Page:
05 Nov Micro Mosaic a Popular Art from the 19th Century
There is something about the miniature, but perfect and complete that gets me every time. And I know I’m not the only one. Is it an adult fascination with dollhouses? Or the desire to control a tiny universe? I don’t know. But Micromosaics have always fascinated me.
Mosaics have been around from the third century BC, particularly in Ancient Rome, composed of glass and terracotta. However, they came into their own in the Byzantine era, where they adorned the churches. This tradition was continued during the Renaissance, as in the ceiling of St Peter’s Basilica by Michaelangelo.
The Roman mosaics
Eventually, the church patronized a body called the Vatican Mosaic Studio. Some of the craftsmen who were part of this guild started experimenting with what we know as micro mosaic, using tiny tesserae to make miniature worlds. However, the term micro mosaic was only coined in the 20th century by Sir Arthur Gilbert, the famous collector. At this stage, these were called Roman mosaics.
Travel on the Continent was considered de rigueur in the 18th and 19th centuries. The micro mosaic became a typical souvenir to take back home, both as pictures and jewelry. Most featured flora and fauna, Roman buildings, and Old Master Paintings.
Micro Mosaic work of Giacomo Raffaelli
While most micro mosaic artists were considered artisans and not artists, some were, notably, Giacomo Raffaelli. His micro mosaic version of The Last Supper was commissioned by Napoleon and is today housed in Vienna’s church. Another was Clemente Ciul, whose works are at the LACMA in Los Angeles.
Micromosaics were so popular in the 19th century that the influencers of the time like Empress Josephine and the poet Elizabeth Barrett Browning were known to own jewelry based on the technique. Virtually every traveler on the Continent took back a piece as a gift or souvenir. The most famous jeweler was Castellani, whose eponymous store in Rome was filled with exquisite parures, brooches, and earrings, based on Christian and Byzantine motifs.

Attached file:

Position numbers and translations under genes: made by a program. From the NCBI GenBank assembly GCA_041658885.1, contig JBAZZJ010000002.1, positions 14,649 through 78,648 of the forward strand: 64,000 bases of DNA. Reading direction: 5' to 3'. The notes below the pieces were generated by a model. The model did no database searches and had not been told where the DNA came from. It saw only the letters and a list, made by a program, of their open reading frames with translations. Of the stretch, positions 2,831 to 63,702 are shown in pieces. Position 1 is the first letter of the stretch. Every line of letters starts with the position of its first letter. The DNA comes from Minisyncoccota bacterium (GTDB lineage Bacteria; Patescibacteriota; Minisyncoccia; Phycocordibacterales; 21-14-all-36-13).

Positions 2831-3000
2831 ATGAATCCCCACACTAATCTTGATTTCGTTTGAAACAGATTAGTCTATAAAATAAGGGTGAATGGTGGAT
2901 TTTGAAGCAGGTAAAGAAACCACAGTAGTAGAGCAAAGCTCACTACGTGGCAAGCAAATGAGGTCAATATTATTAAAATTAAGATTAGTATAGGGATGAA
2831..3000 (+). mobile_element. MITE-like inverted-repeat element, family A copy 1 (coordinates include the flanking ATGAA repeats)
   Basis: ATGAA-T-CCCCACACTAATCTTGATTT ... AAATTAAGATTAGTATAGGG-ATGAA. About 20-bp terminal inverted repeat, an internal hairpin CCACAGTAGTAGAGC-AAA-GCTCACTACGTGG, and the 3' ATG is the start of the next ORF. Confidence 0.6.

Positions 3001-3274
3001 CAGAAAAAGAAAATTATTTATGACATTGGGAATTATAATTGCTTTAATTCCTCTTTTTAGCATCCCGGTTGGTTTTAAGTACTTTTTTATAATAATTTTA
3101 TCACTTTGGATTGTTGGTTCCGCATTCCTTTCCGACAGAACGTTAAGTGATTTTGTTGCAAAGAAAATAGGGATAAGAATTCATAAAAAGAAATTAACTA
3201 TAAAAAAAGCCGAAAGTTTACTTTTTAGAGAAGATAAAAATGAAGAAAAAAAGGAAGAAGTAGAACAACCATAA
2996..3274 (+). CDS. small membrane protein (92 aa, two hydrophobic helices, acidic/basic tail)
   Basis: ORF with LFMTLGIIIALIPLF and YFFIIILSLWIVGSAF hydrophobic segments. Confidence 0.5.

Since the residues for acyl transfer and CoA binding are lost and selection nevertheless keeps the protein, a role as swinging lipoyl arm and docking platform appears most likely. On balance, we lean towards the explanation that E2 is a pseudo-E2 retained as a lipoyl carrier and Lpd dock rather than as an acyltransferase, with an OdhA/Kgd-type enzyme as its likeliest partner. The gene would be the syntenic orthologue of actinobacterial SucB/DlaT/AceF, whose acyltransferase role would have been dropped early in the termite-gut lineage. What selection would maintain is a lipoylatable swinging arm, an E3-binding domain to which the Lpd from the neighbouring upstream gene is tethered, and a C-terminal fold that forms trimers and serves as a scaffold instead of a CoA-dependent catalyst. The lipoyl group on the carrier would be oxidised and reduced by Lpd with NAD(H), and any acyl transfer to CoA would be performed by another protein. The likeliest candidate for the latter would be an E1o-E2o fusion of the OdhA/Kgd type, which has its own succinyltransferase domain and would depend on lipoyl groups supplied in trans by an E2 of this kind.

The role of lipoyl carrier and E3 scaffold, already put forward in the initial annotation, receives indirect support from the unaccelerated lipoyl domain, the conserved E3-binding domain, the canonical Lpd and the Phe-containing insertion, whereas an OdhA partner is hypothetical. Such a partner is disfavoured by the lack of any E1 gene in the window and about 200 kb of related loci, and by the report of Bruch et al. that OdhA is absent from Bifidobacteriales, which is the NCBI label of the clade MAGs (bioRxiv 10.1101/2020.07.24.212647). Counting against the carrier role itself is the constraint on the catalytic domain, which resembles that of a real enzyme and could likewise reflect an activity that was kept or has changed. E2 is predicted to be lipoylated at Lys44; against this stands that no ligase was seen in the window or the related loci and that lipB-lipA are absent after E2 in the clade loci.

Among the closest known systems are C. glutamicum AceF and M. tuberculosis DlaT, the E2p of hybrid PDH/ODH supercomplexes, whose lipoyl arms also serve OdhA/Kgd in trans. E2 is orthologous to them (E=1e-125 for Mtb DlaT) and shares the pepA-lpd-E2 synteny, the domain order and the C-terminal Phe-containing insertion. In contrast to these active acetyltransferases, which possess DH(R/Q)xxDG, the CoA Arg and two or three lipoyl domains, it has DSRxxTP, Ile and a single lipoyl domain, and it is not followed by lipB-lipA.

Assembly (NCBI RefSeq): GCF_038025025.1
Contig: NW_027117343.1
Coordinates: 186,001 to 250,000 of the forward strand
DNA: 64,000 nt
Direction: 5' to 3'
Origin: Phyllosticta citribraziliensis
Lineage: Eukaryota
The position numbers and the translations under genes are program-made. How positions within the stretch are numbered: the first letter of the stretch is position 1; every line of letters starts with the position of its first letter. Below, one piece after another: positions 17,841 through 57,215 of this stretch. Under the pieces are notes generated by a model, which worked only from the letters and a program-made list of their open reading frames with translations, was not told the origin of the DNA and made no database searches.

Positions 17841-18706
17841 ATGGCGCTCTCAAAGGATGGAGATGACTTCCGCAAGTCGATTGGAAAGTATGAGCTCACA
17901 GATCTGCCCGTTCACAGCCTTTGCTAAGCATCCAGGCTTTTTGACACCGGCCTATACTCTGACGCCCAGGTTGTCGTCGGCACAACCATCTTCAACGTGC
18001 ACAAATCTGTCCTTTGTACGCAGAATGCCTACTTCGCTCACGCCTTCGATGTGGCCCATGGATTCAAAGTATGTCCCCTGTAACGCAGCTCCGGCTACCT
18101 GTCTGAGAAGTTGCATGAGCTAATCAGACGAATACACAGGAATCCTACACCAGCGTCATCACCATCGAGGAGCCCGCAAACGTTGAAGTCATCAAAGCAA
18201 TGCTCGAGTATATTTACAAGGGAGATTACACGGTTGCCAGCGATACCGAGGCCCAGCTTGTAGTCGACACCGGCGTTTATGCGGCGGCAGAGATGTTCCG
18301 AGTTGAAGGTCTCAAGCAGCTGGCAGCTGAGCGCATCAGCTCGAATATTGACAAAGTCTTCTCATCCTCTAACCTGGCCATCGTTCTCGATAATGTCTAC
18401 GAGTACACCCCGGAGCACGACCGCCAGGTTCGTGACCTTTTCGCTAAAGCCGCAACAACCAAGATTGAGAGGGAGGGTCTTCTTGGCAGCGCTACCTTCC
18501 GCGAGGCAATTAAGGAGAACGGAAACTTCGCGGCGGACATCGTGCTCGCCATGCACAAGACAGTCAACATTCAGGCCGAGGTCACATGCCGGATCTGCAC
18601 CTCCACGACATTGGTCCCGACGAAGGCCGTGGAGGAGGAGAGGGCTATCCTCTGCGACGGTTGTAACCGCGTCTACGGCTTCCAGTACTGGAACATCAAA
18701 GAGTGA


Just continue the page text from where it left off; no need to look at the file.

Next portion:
The Process of Creating a Micro Mosaic work is incredibly arduous:
- The primary tool is tesserae. These are mosaic pieces made from glass or enamel in various colors. At this stage, these are called smalto.
- The smalto is pulled into threads called filati (spun enamel) and then cooled.
- It is then cut into minute tesserae and arranged on a copper or gold base to depict the desired scene.
- The tray is filled with mastic or cement upon which the tesserae are placed.
- Coloured wax is filled in the gaps, and the completed picture is polished for luster and finish.
Sadly, the arduous nature of making the micro mosaic proved its doom by the early 20th century, as shortcuts began to be taken by craftsmen, resulting in shoddy work. Besides, the Art Deco movement celebrated the au courant and technological, marking a move away from the classic and antique. Castellani shut shop in 1927, dealing a death blow to the art form.
Micromosaic still exists in the hands of a few dedicated artists and as a DIY. The renewed interest in 19th-century artifacts has helped the cause. I hope that this beautiful art will not disappear.
Mira Gupta is a well-known curator and designer in craft-based luxury. She has had working stints with Fabindia, Good Earth, and Ogaan to promote the cause of craft. She is deeply interested in art, travel, architecture, and culture.